northjersey-com: Testifying about a sexual abuse case that originated when he was the leader of an Illinois diocese, Newark Archbishop John J. Myers said a complaint from a woman who said she was abused never came across his desk, and he blamed a “slipshod filing system” and a high-level official who apparently handled the matter on his own.
In a lengthy 2010 deposition, Myers, who was the bishop of the Peoria Diocese for about a decade, said he never suspected that Monsignor Thomas W. Maloney was molesting children. A woman told the diocese’s vicar general in 1995 that the priest abused her as a child. But that official’s office was a block away, and paperwork on priests was sent to several different files, some that he never saw, Myers told lawyers in the deposition.
“There may have been things that got by me,” Myers said. “I underscore the kind of loose system that we had with the two different buildings in Peoria. It could be sometimes two weeks of copies that I would get when they moved them from building to building, and I sometimes didn’t have time to read them all.”
No action was taken against the priest after the woman’s complaint, and months later, an 8-year-old boy, Andrew Ward, allegedly was abused by the same priest, according to his lawsuit against the diocese.
The parents of Ward, who is now 25, announced on Tuesday a $1.35 million settlement with the diocese. Speaking during a news conference outside Myers’ chancery office Tuesday, they blamed the archbishop for not keeping the priest away from their child.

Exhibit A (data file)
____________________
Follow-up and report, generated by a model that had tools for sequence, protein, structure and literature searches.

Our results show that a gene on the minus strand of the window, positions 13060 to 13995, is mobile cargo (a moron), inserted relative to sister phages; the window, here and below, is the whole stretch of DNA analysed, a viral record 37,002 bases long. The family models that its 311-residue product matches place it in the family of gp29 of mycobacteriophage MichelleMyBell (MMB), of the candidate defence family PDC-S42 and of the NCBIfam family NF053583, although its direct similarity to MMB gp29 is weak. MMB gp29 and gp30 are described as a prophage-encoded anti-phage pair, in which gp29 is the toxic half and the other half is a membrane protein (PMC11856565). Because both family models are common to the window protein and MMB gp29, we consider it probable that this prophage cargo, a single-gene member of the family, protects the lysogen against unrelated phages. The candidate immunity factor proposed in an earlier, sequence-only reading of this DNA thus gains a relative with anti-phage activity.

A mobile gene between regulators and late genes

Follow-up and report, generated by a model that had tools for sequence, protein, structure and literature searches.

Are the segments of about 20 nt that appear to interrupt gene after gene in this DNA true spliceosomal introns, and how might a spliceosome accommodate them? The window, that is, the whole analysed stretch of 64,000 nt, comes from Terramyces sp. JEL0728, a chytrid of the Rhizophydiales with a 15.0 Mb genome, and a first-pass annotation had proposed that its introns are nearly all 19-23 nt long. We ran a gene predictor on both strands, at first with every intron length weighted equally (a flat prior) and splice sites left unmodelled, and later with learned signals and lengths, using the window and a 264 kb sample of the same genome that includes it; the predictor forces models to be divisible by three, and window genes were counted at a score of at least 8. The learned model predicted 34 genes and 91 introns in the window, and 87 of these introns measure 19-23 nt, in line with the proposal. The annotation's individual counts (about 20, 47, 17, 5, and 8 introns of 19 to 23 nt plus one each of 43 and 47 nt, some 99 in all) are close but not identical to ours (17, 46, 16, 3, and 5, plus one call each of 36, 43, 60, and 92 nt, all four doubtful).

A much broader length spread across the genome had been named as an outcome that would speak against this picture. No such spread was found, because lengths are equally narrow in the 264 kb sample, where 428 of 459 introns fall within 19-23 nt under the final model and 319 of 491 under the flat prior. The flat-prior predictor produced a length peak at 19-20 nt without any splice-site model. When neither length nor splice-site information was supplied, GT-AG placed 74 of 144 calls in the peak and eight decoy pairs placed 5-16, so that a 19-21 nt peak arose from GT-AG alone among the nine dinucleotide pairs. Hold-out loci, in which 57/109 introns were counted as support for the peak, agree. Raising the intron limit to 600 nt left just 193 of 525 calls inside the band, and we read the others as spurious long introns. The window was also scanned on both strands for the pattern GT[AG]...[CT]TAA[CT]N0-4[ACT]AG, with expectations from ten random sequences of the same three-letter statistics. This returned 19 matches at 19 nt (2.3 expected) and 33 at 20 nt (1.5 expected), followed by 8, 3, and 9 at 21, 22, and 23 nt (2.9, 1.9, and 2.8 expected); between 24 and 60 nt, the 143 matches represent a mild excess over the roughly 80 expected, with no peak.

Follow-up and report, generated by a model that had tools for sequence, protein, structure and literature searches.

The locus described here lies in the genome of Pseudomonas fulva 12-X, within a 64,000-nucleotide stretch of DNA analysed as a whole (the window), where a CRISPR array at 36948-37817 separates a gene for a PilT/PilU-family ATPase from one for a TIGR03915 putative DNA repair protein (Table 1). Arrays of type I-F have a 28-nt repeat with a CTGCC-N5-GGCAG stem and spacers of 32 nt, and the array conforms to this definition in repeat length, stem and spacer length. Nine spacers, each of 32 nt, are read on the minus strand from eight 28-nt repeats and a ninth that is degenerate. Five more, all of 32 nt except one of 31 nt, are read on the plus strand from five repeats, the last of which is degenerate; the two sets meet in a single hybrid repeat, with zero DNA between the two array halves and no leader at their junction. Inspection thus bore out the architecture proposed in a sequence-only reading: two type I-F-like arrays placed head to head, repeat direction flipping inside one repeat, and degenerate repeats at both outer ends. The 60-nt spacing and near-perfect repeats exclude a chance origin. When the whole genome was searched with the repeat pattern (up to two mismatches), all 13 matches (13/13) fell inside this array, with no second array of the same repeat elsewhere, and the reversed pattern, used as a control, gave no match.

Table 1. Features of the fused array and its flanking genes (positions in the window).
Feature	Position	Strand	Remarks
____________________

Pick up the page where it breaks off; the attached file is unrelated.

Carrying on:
Their attorney, Jeff Anderson, said Myers must have known about the woman’s initial abuse complaint because such a matter would “always to go the top.” Parents Joanne and David Ward called for Myers to be criminally charged, and they accused him at the very least of being a lousy administrator.
“Even if you believe everything Myers has to say, he’s shown such a track record of incompetence it’s amazing the church would not relieve him from his duties,” David Ward said.
The 200-page deposition and other documents, released as part of the settlement, reveal Myers’ approach to sex abuse cases and other church practices during his time in Peoria, from keeping secret files to receiving gifts from his priests. Some records on priests, Myers said, were stored in a special section of a vault known as “the cage” that only he and two top officials could access.
It also was customary for Peoria priests to give their bishop gifts after confirmation ceremonies and during holidays, he said. According to correspondence in the Maloney files, on four occasions during the 1990s, Myers wrote the priest thank-you letters for presents of silver, gold coins, cash and the priest’s prized camera.
“I really do feel a bit squeamish about being the recipient of your much-loved camera,” Myers wrote to Maloney in 1992. “I would be very happy to hand it back and to look for one on my own. As usual, your spontaneous generosity is too much.”